Report of the Commission on Institutional History and Community

To: The W&L Community
From: President Will Dudley
Date: May 18, 2018

In August 2017, I appointed the Commission on Institutional History and Community and charged it with examining how the ways that we teach, discuss and represent our history shape our community. I asked the commission to make recommendations about how we can best present our physical campus to take full advantage of its educational potential in a manner that is consistent with our core values.

Having received the commission's report, I am sharing it with the university community in its entirety.

Read the report online.

I would like to express my profound thanks to the 12 members of the commission for their exceptional service on behalf of the university. They embraced their daunting task with enthusiasm and performed admirably under the leadership of the chair, Brian Murchison, the Charles S. Rowe Professor of Law. I met with them last week, shortly after they submitted their report to me. It is clear that throughout this substantial undertaking, they were remarkably persistent in talking through their differences and, in the process, developed deep and abiding respect for one another. This is just as I would have expected and should serve as a model for all of us. We owe them our gratitude for the thoughtfulness of their work and the manner in which they conducted it.

The commission did extensive research and heard from more than 1,000 alumni, students, faculty, staff members and friends over the past nine months. They read the hundreds of emails that were sent, conducted on-campus listening sessions with faculty, students and staff, and held four telephone conferences for alumni. The resulting report reflects deliberation informed by both historical scholarship and a diversity of viewpoints from all corners of our community.

The commission's report is expansive in scope and rich in detail. It encompasses 118 pages, contains 31 distinct recommendations, and demands and deserves a careful reading. The commission explored our history, as I hoped it would, directly and honestly. As the ninth-oldest institution of higher education in the country, Washington and Lee is a justifiably proud university that can withstand careful scrutiny. Indeed, we should welcome it, and the educational opportunities that it presents.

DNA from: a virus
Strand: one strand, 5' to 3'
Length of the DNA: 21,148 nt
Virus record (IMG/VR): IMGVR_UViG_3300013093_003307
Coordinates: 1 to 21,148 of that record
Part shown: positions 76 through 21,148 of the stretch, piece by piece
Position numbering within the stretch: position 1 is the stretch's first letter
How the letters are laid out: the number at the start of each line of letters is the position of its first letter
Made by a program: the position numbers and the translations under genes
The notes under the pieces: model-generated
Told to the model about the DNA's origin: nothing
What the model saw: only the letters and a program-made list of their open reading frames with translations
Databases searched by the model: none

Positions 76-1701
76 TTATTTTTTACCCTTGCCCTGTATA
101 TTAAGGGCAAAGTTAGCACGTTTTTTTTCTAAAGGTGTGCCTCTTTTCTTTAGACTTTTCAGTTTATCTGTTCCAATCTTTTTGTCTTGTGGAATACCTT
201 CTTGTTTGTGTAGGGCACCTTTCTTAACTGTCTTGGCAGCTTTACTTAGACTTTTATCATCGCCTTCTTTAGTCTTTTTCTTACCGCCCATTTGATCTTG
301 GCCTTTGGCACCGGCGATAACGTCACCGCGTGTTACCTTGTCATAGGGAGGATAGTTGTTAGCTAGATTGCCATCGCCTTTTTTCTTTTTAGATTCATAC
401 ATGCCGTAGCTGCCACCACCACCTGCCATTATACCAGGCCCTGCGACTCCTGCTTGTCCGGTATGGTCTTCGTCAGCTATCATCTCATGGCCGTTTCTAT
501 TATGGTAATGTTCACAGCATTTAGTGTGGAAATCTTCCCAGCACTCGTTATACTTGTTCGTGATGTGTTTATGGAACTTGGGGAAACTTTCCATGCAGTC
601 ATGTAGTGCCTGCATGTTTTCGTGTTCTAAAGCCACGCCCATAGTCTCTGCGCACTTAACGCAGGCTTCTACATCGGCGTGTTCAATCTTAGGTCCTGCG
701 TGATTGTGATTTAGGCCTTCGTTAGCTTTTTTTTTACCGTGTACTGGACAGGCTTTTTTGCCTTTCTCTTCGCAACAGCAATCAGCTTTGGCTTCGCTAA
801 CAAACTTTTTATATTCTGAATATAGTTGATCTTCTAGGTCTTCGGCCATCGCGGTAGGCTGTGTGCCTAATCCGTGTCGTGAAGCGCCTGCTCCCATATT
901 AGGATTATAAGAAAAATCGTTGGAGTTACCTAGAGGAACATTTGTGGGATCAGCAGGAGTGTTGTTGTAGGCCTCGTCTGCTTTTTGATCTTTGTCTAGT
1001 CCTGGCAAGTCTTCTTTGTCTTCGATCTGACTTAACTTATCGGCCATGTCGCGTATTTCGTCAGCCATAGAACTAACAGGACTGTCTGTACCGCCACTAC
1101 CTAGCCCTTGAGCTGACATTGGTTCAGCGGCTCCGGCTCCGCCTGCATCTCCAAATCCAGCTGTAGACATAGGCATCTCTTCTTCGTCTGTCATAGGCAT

I want to emphasize that all of the commission's recommendations are just that -- recommendations. Thus far, I have acted on only one, by publishing the entire document as requested. Over the coming months, I will consider the remaining recommendations in consultation, as appropriate, with W&L's Board of Trustees, faculty, staff, students and alumni.

Those of you who have read our recently approved Strategic Plan will note that some of the initiatives it contains harmonize with recommendations made by the commission. While the two processes were conducted independently of each other, it is heartening to see a shared appreciation for our institutional strengths and an affirmation of our aspirations in both documents. All of the commission's recommendations will be considered in relation to the priorities established in the strategic plan. I promise our community that we will preserve and build upon our distinctive strengths as we pursue our aspirations.

I will be in touch again at the end of the summer to share an update on our progress. In the meantime, if you would like to provide feedback on the commission's report, we have established a dedicated email address for your comments: CommissionReport@wlu.edu. Please include your name and class year or affiliation with the university in your message.

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